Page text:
2.) Small steps are key. I know of few performance games that so inherently demand small and related steps. If you start to race to a perceived ending or desired conclusion, you’ve almost lost the battle before it has begun. The game really requires you to stay firmly in the moment, connected to your partner, looking for some simple potential in their prior offer. I’ve explored Reiterate/Repeat in a prior entry, and this approach can certainly be helpful as well to make sure that you have fully embraced the previous choice by paraphrasing some element of it before adding your own obviously unique twist or addition.

3.) Use what you know and sell what you don’t know. Especially in the first expert exchanges, it can be helpful to lay down some basic “facts” that are as close to the truth as your personal knowledge base can afford! In many ways, this provides the balance or routine before the unexpected connections and departures ensue. Remember that even if you’re way off in an early assertion, the audience loves it when we’re brave and take the risk to say something specific. This is also a key element of selling the expert frame of the format. If you equivocate too much with evasive vagueness, you’re also not providing your partner with details that they can recycle and re-frame.

4.) Pairs work well. While you could certainly have a larger panel of experts, or perhaps deploy an additional teammate to facilitate as a host, there is something about the rhythm and danger of just having two experts alternating lines back and forth that is bracing and exciting. Obviously adjust the game to suit your needs, but if you’re looking to increase the panel it might be wise to at least establish a default speaking order so that the ball doesn’t get dropped after each offer. This is part of the dynamism of just having two experts: there is no doubt where the focus is at any given moment.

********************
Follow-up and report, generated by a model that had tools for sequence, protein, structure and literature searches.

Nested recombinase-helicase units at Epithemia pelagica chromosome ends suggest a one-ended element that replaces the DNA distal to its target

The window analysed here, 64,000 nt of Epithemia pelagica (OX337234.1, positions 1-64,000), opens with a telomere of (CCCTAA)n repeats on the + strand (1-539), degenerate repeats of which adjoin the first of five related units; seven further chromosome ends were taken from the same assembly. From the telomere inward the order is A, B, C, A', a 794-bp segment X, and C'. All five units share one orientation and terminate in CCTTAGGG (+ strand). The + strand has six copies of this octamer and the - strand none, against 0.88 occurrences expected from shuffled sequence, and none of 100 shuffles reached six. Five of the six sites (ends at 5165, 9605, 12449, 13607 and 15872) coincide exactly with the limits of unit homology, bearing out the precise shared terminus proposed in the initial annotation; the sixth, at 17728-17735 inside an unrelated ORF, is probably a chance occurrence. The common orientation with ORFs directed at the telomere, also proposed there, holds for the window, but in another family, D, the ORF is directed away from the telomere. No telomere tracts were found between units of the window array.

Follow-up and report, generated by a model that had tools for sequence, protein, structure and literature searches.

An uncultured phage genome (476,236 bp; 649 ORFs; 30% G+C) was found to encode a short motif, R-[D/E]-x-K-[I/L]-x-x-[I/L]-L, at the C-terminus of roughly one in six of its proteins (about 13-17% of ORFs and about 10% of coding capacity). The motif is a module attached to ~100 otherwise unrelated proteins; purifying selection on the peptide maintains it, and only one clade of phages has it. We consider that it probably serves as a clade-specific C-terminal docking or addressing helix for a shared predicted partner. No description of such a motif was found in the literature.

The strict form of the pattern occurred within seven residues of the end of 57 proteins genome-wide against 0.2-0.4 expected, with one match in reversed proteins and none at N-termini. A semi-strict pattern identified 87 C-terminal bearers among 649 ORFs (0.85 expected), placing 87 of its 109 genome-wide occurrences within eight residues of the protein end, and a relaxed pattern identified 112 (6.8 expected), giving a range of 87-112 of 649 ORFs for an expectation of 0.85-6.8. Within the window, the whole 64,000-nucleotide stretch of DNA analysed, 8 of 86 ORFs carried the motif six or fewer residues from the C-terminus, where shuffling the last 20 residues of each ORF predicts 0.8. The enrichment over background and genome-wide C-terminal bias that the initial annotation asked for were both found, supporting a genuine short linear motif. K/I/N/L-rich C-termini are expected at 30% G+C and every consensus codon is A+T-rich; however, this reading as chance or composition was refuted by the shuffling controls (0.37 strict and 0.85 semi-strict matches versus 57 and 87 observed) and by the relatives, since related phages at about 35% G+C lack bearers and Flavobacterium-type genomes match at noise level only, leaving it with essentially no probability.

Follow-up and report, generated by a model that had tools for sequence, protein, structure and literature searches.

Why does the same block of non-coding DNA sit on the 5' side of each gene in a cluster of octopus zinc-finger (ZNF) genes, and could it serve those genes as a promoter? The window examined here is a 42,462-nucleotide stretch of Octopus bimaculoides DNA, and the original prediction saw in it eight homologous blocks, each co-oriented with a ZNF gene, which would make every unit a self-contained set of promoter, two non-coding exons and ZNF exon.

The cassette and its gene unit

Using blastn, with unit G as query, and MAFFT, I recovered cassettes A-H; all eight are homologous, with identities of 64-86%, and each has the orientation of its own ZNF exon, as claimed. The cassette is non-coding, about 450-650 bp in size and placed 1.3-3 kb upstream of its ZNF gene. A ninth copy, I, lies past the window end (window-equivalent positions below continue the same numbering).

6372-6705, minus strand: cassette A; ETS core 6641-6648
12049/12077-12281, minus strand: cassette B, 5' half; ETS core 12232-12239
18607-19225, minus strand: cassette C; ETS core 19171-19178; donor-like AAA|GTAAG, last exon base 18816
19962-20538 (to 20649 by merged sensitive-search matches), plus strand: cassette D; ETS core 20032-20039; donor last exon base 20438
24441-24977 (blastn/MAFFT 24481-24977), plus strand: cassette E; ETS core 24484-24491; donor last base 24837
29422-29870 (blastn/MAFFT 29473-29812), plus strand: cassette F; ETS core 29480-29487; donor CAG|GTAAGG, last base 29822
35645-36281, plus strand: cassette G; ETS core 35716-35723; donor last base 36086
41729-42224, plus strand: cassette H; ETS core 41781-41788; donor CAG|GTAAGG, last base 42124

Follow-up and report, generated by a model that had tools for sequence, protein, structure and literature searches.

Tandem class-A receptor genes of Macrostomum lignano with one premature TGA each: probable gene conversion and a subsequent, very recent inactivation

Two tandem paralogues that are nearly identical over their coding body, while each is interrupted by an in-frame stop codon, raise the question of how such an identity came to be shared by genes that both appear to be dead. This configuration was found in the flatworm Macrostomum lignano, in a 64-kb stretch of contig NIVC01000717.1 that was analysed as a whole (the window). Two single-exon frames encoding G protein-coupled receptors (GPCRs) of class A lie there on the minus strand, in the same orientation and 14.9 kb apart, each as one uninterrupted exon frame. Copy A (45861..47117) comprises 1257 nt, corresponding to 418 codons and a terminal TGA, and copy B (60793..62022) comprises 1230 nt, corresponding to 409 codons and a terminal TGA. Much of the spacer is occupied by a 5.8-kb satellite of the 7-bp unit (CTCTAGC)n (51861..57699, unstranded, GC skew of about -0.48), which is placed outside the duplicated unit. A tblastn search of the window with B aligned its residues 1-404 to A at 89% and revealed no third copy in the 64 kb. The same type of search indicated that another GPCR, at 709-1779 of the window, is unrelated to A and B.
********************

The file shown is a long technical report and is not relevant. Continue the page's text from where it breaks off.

5.) Remain physically engaged. I’ve mainly experienced this game with the experts seated beside each other, but I don’t think that it has to occur in this particular staging, although keeping the focus contained certainly assists the players in maintaining their connection and pace. While the dialogue is key, look for opportunities to engage strong points of view, character mannerisms and relationship foibles. Similarly, even if the scene starts in chairs, there’s no reason that the crescendo of “That’s right” needs to keep you in those chairs as the scene draws to a close.

In Performance

I’ll confess that this game, for all the right reasons, still scares me a little, and while it’s been in my improv repertory for decades, it’s definitely not a format I see or play with great frequency. This brings me back to my earlier comment that this is really an elegant exercise with few bells or whistles that allows very few places to hide. If you’re not accepting fully and with abandon, and listening deeply to your partner, it can be hard for the narrative to unfold with ease. Give it a try and let me know how it goes! For those of us playing via the internet, I think this is a format that can work well in that medium as well.

Cheers, David Charles.
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© 2020 David Charles/ImprovDr

Connected Concept: Accepting

Published by improvdr

A professional improvisational practitioner with over thirty years experience devising, directing, performing, teaching and consulting on the craft of spontaneous (and scripted) theatre and performance.